KANSAS CITY, Mo., Dec. 31 (UPI) -- Romeo Crennel was fired as coach of the Kansas City Chiefs, which finished tied for the NFL-worst record at 2-14.
The lead team official said he was "embarrassed" because of the poor season.
The Chiefs were routed 38-3 by the Denver Broncos in Sunday's final regular-season game. While tied with the Jacksonville Jaguars, who fired their general manager Monday, for the worst record, Kansas City will have the No. 1 overall choice in the next NFL draft.
Crennel was hired to coach the Chiefs late in the 2011 season but the team won just four times in the 19 games since then.
Team Chairman Clark Hunt, in a release, said he had "a tremendous amount of respect and admiration for Romeo, both personally and professionally."
"However," Hunt continued. "I am embarrassed by the poor product we gave out fans this season and I believe we have no choice but to move the franchise in a different direction."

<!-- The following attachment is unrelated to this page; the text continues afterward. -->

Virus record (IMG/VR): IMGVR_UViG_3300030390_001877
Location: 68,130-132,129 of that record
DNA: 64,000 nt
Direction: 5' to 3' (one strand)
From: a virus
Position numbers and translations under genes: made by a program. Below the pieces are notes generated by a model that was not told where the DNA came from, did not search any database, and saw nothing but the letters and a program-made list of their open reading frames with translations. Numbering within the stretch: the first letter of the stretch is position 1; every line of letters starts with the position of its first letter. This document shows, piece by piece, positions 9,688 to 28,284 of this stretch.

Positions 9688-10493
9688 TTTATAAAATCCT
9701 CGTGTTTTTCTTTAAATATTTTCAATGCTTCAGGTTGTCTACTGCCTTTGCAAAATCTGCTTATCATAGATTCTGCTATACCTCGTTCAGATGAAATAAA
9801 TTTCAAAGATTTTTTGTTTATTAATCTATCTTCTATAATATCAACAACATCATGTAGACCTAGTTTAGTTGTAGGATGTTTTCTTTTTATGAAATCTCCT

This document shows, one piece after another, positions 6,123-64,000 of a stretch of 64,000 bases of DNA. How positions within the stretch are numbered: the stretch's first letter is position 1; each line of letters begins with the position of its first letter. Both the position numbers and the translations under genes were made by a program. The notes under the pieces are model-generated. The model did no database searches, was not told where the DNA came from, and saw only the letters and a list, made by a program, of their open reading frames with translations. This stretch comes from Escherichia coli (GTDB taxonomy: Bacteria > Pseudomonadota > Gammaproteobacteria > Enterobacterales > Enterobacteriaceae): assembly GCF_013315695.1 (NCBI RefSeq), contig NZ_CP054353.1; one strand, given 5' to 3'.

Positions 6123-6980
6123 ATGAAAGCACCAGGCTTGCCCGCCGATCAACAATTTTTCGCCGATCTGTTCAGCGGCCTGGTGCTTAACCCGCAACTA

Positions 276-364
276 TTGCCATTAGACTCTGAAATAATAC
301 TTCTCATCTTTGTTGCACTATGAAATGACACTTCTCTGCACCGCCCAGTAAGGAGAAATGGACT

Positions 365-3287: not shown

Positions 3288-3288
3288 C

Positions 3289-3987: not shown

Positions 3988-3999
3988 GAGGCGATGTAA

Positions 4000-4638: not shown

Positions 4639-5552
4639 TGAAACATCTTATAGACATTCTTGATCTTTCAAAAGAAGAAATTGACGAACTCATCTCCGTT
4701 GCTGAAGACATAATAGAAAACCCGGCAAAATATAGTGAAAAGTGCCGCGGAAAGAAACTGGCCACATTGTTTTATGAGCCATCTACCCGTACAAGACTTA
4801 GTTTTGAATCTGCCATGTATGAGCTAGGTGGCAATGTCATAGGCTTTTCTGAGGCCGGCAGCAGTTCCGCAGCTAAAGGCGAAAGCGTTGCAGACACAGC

Hunt said "the entire football operation" would be reviewed and there hadn't yet been a decision on retaining General Manager Scott Pioli.
The Chiefs defeated the New Orleans Saints in the third week for their first win of the season but lost their next eight games. The day before Kansas City was to play the Carolina Panthers, Chiefs linebacker Jovan Belcher killed his girlfriend then went to Arrowhead Stadium. He asked to talk with Crennel, Pioli and another coach and, with the team officials watching, shot himself.
Crennel's replacement will be the 13th head coach since the franchise was formed in 1960 but third for the team since late in the 2011 season. Todd Haley was fired with three games to go in 2011 and replaced by Crennel who was 4-15 in those three games and one full season as head coach.
Crennel, who coached the Cleveland Browns for four seasons from 2005-08, owns and overall coaching mark of 28-55.
|Additional Sports News Stories|
ANGKOR WAT, Cambodia, June 18 (UPI) --Aircraft equipped with lasers have revealed a lost city near Angkor Wat in Cambodia, hidden for centuries under a dense forest cover, researchers say.